Star Trek: The Next Generation premiered in September 1987. I was five years old. That’s a bit young to make a Star Trek fan, but my dad and brother were excited about it, and I thought they were great, so I was excited about it, too. It would be a few more years before I understood was the show was about, and by that time we were getting some of the best episodes in Star Trek history (both before and after). Episodes like ‘Yesterday’s Enterprise’, ‘The Best of Both Worlds pts. 1 & 2’, ‘The Inner Light’, and ‘Darmok’.
I was eleven when Star Trek: Deep Space Nine premiered in 1993, and because it was airing during my formative teenage years, it became the show that shaped my sci-fi tastes the most, and remains my favorite Star Trek show. But TNG is what put me on the SFF road in the first place.
Obviously, I renewed my CBS All Access subscription to watch the premiere of Star Trek: Picard last night.
Picard is set in the Prime universe, not the so-called Abramsverse (the alternate timeline J.J. Abrams established in his 2009 Star Trek reboot film). A star in the Romulan system went supernova, wiping out the homeworld of one of the Federation’s greatest enemies. Then-Admiral Picard convinced Starfleet Command to lead the most extensive evacuation mission in history, thereby saving the Romulan civilization. At least in part.
But no good deed goes unpunished. In the chaos ensuing the destruction of the Romulan star system and the ensuing evacuation, a band of Synths– artificial lifeforms– attacked the colony on Mars, destroying the Starfleet shipyards of Utopia Planitia and killing more than 92,000 people. Years later, the upper atmosphere of Mars is still on fire. Starfleet’s reaction was to ban all synthetic lifeforms– that is, all androids.
This was the last straw for Picard, who had to remind Starfleet Command that it wasn’t just 100,000,000 Romulan lives at stake in the evacuation. It was 100,000,000 LIVES. He has long butted heads with Command over their willingness to see the Federation’s enemies as faceless “Other” figures worthy of destruction. He has always tried to see the humanity in even his worst enemies (such as in season five’s ‘I, Borg’, which will apparently have ramifications later in this first season of Picard, given that Jonathan Del Arco will be returning as the individual Borg, Hugh).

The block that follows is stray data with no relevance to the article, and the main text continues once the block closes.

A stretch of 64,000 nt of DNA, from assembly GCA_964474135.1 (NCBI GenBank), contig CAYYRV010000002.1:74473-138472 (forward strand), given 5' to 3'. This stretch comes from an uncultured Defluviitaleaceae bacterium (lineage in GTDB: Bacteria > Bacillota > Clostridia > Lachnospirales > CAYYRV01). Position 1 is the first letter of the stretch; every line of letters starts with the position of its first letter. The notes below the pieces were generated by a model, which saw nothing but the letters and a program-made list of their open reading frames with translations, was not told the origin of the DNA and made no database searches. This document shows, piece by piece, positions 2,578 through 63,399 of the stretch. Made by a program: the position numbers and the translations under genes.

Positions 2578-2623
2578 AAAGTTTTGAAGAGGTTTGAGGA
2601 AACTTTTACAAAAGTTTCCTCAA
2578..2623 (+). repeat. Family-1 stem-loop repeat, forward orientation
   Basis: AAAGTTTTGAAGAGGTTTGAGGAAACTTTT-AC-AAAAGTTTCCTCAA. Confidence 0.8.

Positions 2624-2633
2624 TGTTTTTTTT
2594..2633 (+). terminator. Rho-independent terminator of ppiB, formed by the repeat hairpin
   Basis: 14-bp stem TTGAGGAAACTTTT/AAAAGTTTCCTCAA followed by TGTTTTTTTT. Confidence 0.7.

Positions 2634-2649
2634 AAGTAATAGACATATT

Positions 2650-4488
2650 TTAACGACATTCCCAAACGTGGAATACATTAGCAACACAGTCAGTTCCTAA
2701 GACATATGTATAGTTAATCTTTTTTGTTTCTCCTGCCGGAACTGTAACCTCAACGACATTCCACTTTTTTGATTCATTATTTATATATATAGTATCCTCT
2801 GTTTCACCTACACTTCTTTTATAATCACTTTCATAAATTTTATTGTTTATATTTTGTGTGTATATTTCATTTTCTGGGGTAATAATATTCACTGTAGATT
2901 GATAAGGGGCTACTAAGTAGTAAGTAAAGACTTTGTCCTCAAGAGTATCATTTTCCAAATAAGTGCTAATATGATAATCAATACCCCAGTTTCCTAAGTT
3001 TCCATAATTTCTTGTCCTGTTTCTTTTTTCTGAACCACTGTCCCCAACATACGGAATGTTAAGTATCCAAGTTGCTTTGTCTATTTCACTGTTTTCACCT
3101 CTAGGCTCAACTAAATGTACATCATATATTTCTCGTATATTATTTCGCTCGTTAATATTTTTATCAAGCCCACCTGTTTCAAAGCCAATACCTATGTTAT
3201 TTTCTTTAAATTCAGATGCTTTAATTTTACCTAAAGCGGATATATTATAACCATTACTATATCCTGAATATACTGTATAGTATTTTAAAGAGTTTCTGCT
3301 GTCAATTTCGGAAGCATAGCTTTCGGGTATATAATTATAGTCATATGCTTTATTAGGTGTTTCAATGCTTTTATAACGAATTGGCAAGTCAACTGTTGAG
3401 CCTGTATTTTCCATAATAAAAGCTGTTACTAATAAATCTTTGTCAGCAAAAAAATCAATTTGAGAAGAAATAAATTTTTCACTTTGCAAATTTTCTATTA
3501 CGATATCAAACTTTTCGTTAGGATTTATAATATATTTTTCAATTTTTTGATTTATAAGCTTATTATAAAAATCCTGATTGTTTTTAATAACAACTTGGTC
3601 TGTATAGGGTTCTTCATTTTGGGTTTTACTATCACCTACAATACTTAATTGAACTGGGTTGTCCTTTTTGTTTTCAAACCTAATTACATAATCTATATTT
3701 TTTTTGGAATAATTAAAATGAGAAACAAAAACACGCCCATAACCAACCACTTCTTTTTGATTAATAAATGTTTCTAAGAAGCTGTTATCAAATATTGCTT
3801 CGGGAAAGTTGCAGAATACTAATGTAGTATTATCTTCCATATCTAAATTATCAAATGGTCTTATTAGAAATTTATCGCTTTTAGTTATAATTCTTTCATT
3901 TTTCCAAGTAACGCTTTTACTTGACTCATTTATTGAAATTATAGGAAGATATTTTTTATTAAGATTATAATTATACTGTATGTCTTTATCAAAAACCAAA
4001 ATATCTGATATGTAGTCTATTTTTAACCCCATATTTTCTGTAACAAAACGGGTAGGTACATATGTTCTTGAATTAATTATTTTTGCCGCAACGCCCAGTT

After Synths were unilaterally banned, Picard resigned his commission in protest and returned to his family’s vineyard in LaBarre, France. He’s lived there in quiet seclusion with two Romulan friends ever since, writing histories and refusing to grant interviews.
When a young woman shows up on his doorstep looking for help, though, Picard can’t refuse her. The young woman, Dahj, was attacked by a group of armed men. They murdered her boyfriend and would have kidnapped her, except she saw a ‘bolt of lightning’ and suddenly knew how to fight the men off. She fled the scene, terrified by the attack and the sudden changes in her own mind.
What Picard finally puzzles out is that Dahj is a Synthetic lifeform, and the attack triggered certain programming within her. He determines that– because of the sophistication of her creation, Dahj must have something to do with his old friend Data, a rare Soong-type android who served on the Enterprise, but who died twenty years earlier. This connection means that Picard feels an obligation to help Dahj, no matter what. It’s a connection that will change the course of his life, and perhaps alter the course of history itself.
I’m sure there are Star Trek fanboys who will howl about this show. Something about continuity or aesthetics or daring to mention anything from the 2009 J.J. Abrams film. Or maybe they’ll whine about how the Federation and Starfleet are organizations devoted to the betterment of all life forms and rising above baser instincts and blah, blah, blah.
To them, I say “Bah!”. Starfleet has not always been a lily-white organization. Data had to fight to be recognized as a sentient being, or risk being deconstructed so scientists could figure out what he was made of (season 2, ‘The Measure of a Man’). They sold out Federation colonists to the Cardassians because it made some negotiations easier (season 7, ‘Journey’s End’), they sent a judge to the Enterprise who was perfectly happy to persecute an ensign for being half-Romulan (season 4, ‘The Drumhead’), and essentially ordered Picard to commit genocide against the Borg (season 5, ‘I, Borg).
Starfleet didn’t any shinier in Deep Space Nine, what with their willingness to put the entire planet Earth under martial law because a couple of Changelings showed up planetside (DS9 season 4, ‘Homefront’ and ‘Paradise Lost’), and while the virus that nearly wiped out the entire Changeling race could be blamed on the rogue black ops group, Section 31, Admiral Ross wasn’t all that upset about the possible destruction of an entire race of people (DS9 season 7, ‘Inter Arma Enim Silent Legis’).